Understanding care and support in Indonesia

How can the care needs of older people be met in sustainable, fair, and culturally acceptable ways? This question is at the heart of new research led by Universitas Katolik Indonesia Atma Jaya Jakarta and the University of Southampton (UK), together with Loughborough University (UK) and Oxford University (UK).
The study seeks to reveal the diverse nature of older Indonesians care needs, including their functional and cognitive limitations. It asks who provides care, what acceptable care looks like, and where gaps in care provision emerge.

Hezti Insriani/University of Southampton

Ensuring that all older people are able to enjoy all of their rights cannot be achieved without major healthcare, social protection, and long-term care system reform which considers the experience of those older people who require care and support. Long-term care system development is just beginning to be recognised by low and middle-income countries such as Indonesia as a key aspect of adapting societies for population ageing.
And yet, there is a huge gap in evidence on what the needs, preferences, and experience are of people with care and support needs and those who play a role in providing that, whether family and friends or various health and care providers. Even where some of this information exists, there are often gaps in who has been included, and yet, to develop a strong long-term care and support system, we need to understand the diversity of care needs, who provides care and what its impact is on them, what acceptable care can look like and where gaps exist in care and support provision.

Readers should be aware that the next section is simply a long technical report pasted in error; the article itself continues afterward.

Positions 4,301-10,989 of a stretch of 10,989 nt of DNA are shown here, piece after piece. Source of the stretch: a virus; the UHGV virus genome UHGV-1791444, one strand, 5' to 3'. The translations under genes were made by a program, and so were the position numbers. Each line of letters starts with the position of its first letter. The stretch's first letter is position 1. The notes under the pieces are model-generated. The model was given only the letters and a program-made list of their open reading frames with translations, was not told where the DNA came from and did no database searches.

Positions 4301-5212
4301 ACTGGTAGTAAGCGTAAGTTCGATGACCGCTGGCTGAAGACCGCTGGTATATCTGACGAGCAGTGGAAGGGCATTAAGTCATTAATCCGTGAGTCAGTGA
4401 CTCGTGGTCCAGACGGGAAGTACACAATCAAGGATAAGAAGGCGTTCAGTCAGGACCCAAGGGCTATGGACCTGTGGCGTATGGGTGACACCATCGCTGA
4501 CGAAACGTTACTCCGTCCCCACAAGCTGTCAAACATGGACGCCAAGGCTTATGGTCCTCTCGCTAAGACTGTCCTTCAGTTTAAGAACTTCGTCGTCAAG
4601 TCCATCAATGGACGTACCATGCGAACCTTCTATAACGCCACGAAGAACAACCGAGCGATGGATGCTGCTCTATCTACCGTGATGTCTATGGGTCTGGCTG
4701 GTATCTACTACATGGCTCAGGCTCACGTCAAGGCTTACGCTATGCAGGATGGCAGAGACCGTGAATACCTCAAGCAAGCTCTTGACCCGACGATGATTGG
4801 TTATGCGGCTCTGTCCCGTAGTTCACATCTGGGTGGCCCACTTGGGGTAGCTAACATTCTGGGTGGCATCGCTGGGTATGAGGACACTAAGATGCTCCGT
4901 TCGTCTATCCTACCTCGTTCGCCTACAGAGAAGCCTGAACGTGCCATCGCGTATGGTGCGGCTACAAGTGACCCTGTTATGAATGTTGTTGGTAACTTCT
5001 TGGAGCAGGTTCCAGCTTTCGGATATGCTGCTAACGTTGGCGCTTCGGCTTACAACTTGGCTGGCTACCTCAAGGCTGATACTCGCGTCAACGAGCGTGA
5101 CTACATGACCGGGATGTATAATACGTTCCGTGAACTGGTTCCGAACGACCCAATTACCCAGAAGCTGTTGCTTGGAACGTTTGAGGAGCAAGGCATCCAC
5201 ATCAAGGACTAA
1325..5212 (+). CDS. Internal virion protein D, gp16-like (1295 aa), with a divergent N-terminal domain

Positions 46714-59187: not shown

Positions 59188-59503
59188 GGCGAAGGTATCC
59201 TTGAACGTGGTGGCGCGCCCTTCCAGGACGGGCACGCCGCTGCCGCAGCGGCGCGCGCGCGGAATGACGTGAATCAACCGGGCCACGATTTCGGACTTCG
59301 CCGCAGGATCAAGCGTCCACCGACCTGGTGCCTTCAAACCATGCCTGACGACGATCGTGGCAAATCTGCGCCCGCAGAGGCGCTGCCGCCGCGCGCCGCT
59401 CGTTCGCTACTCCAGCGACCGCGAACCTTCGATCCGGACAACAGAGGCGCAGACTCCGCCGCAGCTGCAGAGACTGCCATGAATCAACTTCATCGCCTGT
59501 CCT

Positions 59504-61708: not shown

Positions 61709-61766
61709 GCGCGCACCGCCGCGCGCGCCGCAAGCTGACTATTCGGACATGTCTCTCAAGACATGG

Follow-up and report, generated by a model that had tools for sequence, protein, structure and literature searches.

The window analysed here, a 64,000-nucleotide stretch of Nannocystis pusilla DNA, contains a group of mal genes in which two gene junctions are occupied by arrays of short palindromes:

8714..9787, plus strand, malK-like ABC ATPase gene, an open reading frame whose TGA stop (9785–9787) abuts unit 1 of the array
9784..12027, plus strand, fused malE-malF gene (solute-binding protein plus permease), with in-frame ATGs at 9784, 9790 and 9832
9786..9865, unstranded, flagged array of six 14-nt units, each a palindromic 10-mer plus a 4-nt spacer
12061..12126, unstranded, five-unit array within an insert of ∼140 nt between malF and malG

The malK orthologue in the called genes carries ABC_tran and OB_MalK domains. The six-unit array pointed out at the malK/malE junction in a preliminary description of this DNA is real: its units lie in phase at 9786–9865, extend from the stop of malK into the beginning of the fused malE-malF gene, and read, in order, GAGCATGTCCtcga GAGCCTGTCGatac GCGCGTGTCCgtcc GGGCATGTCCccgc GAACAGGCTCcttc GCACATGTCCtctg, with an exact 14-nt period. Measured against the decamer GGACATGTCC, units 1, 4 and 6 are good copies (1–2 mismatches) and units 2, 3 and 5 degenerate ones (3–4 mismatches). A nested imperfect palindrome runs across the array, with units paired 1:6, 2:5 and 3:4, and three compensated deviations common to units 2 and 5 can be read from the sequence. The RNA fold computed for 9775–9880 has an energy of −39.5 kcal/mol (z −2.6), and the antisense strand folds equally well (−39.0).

This policy brief, Older People s Care Networks in Indonesia: Findings and Policy Recommendations, is the first glance at findings and recommendations produced by a comparative study on older people s care involving ethnographic research in five locations across Indonesia (2019-2023). The study is funded by the Economic and Social Research Council (ESRC, UK). HelpAge is providing inputs into the policy implications, advocacy messages, and communication of the findings of the study.

Aims of the study

The study asks how we, as a society, can ensure that older people receive care and support that enables well-being and dignity. The aims of the study are to understand:
  • Who is involved in older people s care;
  • What older people s preferences and needs are; and
  • How families can be supported by health services, governmental, and non-governmental institutions.

The summary of key findings are that

  • Care dependence is rare but also universal
  • Families are committed to providing care
  • Some older people do not receive the care they need
  • Use of health services is unacceptably low among older people
  • Healthcare volunteers in Indonesia provide important support but more is needed.

Access the research brief here

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